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Evening all :)

With the waters now settled on my 1/32nd Sunderland build, I thought it about time to start another big vacform... well, to be exact, continue with a long stalled project from a few years ago. I started this Tigger (ex ID Models) vac of the Short Stirling about 5 or 6 years ago and ran out steam, and it had been consigned to the loft since I boxed it up and got distracted with something else. 

A conversation a few months ago with @Wingco57 about the Stirling led him to offer me his also-stalled project with the promise that I'd continue his excellent start and get it finished - an offer I grabbed with both hands considering the excellent start he's made to the cockpit interior which is my least favourite part of building models such as these. I was in the Netherlands with the family last week, to I popped in to see him and picked the beast up - thanks again, Cees!

I've since been for a rummage in the loft and dug my kit out, and now combining the two means I'm confident that I can finally get the job done. So here's where we're at...

This is how far Cees had got with his fuselage:


And how far I'd got with mine, which as you can see is not very:


Cees is a wonderfully talented modeller and scratch-builder and has made some beautiful progress with the cockpit area - a great base for me to continue working on:

DSC_0097 DSC_0099

Here are the wings I'd started a few years back - at the time I decided to open up the wing and reveal some of the interior detail. I like to think I've improved my scratch-building skills since then so instead I'll use the wings from Cees' kit and start again:




That's a lot of plastic!


Here are the other parts that include the engine nacelles, stabs and fin, etc - pretty basic stuff but perfectly workable:


Cees has kindly given me a supply of Bristol Hercules engines as well as various HK Lancaster turret parts which will come in very useful and reduce the amount of scratch-building needed in the future:




So... with both my earlier work and Cees' more recent efforts, I certainly have something Stirling shaped which is a great start (or point to continue from) for this project so I'm ready to dive back in!


The plan is to do a late MkIII variant with open bomb bays and a full bomb-load - squadron and specific aircraft yet to be decided. I'm really not looking forward to tackling the landing gear, but that's a problem for another day. 

Updates are likely to sporadic as the new school term starts imminently but I'll do my best to keep those interested updated on my progress. 

All the best,


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The Mighty Stirling the RAF's first 4 engined "heavy" sadly neglected in anything but 1/72 scale.

I loved my Airfix kit but in those days I was that small it probably felt like 1/32 scale does to me today.

Will be great to see this one progress.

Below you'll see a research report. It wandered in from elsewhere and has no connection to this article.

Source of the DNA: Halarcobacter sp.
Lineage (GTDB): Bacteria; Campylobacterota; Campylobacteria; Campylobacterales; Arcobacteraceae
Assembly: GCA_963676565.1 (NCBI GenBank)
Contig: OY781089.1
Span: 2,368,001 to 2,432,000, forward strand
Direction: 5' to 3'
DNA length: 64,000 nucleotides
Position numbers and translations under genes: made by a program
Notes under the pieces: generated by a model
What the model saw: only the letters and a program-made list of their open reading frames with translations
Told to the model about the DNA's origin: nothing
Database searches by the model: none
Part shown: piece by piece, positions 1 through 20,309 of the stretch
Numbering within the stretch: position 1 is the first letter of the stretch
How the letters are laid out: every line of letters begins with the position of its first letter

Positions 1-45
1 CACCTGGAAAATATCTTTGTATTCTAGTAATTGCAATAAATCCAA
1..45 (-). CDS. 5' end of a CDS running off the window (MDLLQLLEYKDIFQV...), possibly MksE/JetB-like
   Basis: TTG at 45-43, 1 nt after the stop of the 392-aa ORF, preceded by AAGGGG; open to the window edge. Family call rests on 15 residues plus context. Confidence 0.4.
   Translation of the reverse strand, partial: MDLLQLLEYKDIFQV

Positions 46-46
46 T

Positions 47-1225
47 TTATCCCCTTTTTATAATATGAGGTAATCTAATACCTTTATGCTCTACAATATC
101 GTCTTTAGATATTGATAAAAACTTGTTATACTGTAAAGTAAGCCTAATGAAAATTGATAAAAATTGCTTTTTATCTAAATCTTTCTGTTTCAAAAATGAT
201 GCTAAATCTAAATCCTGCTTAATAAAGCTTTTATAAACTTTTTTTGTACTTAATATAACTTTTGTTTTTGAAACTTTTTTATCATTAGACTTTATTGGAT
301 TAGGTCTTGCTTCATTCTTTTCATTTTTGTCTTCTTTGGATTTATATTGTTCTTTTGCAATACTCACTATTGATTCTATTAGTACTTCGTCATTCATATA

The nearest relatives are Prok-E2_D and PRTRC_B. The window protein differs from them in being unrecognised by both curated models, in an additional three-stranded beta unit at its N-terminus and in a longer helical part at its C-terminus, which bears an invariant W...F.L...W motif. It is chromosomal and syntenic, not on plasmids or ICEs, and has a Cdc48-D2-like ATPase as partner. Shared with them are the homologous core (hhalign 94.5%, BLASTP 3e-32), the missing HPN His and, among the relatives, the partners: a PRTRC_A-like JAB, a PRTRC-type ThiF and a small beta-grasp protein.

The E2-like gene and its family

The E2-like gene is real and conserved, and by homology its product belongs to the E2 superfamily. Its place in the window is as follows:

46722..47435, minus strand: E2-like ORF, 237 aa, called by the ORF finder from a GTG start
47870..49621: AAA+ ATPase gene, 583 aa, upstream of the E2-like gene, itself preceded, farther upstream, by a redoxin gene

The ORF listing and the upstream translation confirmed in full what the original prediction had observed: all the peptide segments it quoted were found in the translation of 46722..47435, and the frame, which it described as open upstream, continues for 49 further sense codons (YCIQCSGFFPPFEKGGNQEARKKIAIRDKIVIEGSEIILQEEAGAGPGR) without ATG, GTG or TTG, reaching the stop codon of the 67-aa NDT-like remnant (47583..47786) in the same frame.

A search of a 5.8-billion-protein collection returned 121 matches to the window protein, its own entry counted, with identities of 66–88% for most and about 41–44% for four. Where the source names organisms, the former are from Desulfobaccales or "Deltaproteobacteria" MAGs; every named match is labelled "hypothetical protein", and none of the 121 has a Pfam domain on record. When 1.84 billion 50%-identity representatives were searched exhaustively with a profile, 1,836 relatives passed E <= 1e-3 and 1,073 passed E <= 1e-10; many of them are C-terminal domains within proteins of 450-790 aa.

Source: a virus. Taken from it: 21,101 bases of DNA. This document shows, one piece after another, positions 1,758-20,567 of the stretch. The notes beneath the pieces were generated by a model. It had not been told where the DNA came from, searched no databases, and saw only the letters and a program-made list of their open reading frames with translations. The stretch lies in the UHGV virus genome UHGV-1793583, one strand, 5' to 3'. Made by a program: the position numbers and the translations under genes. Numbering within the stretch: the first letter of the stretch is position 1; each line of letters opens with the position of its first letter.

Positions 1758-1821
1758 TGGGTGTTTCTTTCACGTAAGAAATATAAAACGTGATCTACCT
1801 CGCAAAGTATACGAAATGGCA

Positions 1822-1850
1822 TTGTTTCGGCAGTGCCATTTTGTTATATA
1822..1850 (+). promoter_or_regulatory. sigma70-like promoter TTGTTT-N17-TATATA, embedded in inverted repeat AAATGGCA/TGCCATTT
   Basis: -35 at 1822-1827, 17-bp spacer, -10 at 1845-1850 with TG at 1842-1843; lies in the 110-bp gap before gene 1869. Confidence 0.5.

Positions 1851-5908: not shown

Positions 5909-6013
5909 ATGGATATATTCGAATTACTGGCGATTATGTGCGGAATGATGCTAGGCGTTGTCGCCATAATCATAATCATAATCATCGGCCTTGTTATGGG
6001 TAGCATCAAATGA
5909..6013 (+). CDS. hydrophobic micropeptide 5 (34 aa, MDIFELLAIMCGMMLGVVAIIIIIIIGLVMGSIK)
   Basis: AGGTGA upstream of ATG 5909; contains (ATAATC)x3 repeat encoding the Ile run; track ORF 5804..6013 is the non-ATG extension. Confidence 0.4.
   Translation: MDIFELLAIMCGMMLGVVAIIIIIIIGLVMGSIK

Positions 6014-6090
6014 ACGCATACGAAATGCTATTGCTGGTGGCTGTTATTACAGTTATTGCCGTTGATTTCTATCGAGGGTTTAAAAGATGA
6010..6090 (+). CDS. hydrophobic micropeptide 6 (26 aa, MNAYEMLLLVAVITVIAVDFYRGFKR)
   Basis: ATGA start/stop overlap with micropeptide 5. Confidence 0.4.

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  • 2 weeks later...

I've not had the most amount of time for modelling over the last couple of weeks due to work commitments, but I've been tinkering with the fuselage.

I've added the fuselage windows and cut out the bomb bays and rear undercarriage bays:

Fuse 1

In a moment of madness I've also opened up the rear crew entry door and will add some detail in there:

Fuse 2

One of the most challenging part of building kits such as these is the joining of the fuselage halves - or any surface for that matter - as there are obviously no locating pins and the plastic is quite a bit thinner than normal injection-molded kits. A really simple solution is to add plastic card tabs on alternating sides as you go along the fuselage mating areas:

Fuse 3

...which means when it's time to mate the fuselage halves together, you get a nice area for glue ad you create a very strong join:

Fuse 4

And the underside:

Fuse 5

The next task will be to fashion some interior bulkheads to give the fuselage strength and keep everything nice and rigid. Stay tuned!

All the best,


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  • 2 weeks later...

A little progress over the last week - I've been having a play with the wings whilst I wait for some Evergreen strip to be delivered to rib the rear fuselage. I've sanded the wings to the correct depth and removed the bomb cells in the wings as I plan on having these open:


The undercarriage bays will also be removed but I want to keep the structural integrity whilst I scribe the panel lines, etc. 



And both sets together:


I see lots of scribing and making of wing spars in the my future!


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Afternoon all,

A productive week on the Stirling, mainly focused around making the internal structures of the wings and scribing the basic panel detail on the lower wing surfaces. Although vacs such as these are moulded in lovely thick plastic, due to the sheer size of the parts they need lots of strengthening to ensure they don't sag and collapse over time. 1.5mm plastic card is my 'go-to' for this, as it provides ample strength whilst being easy to cut and shape. 

I've discovered that the kit wings are actually a little too thin from top to bottom, so I have made up for this by making the spars the correct depth and I'll build up the leading edges when I comes to mating to wing halves to fix this shortfall. This will also improve the aerofoil shape of the wing as again I think the kit parts are a little off and the upper surfaces too flat. 

Here you can see the substantial spars in place, as well as the wheel bays:




The wheel bays themselves are actually quite complex structures of square and tubular spars and I've begun replicating these from Evergreen. It's easier to deal with the deepest part of the bays whilst the wings are free of the fuselage:


The forward-most section of the bays appears to have some form of hydraulic tanks and bits of tubular structure but I need to find some clearer pictures of this area. Also, as it's quite accessible I will add this once the main construction is compete as it will be no doubt be prone to damage whilst I'm handling the beast: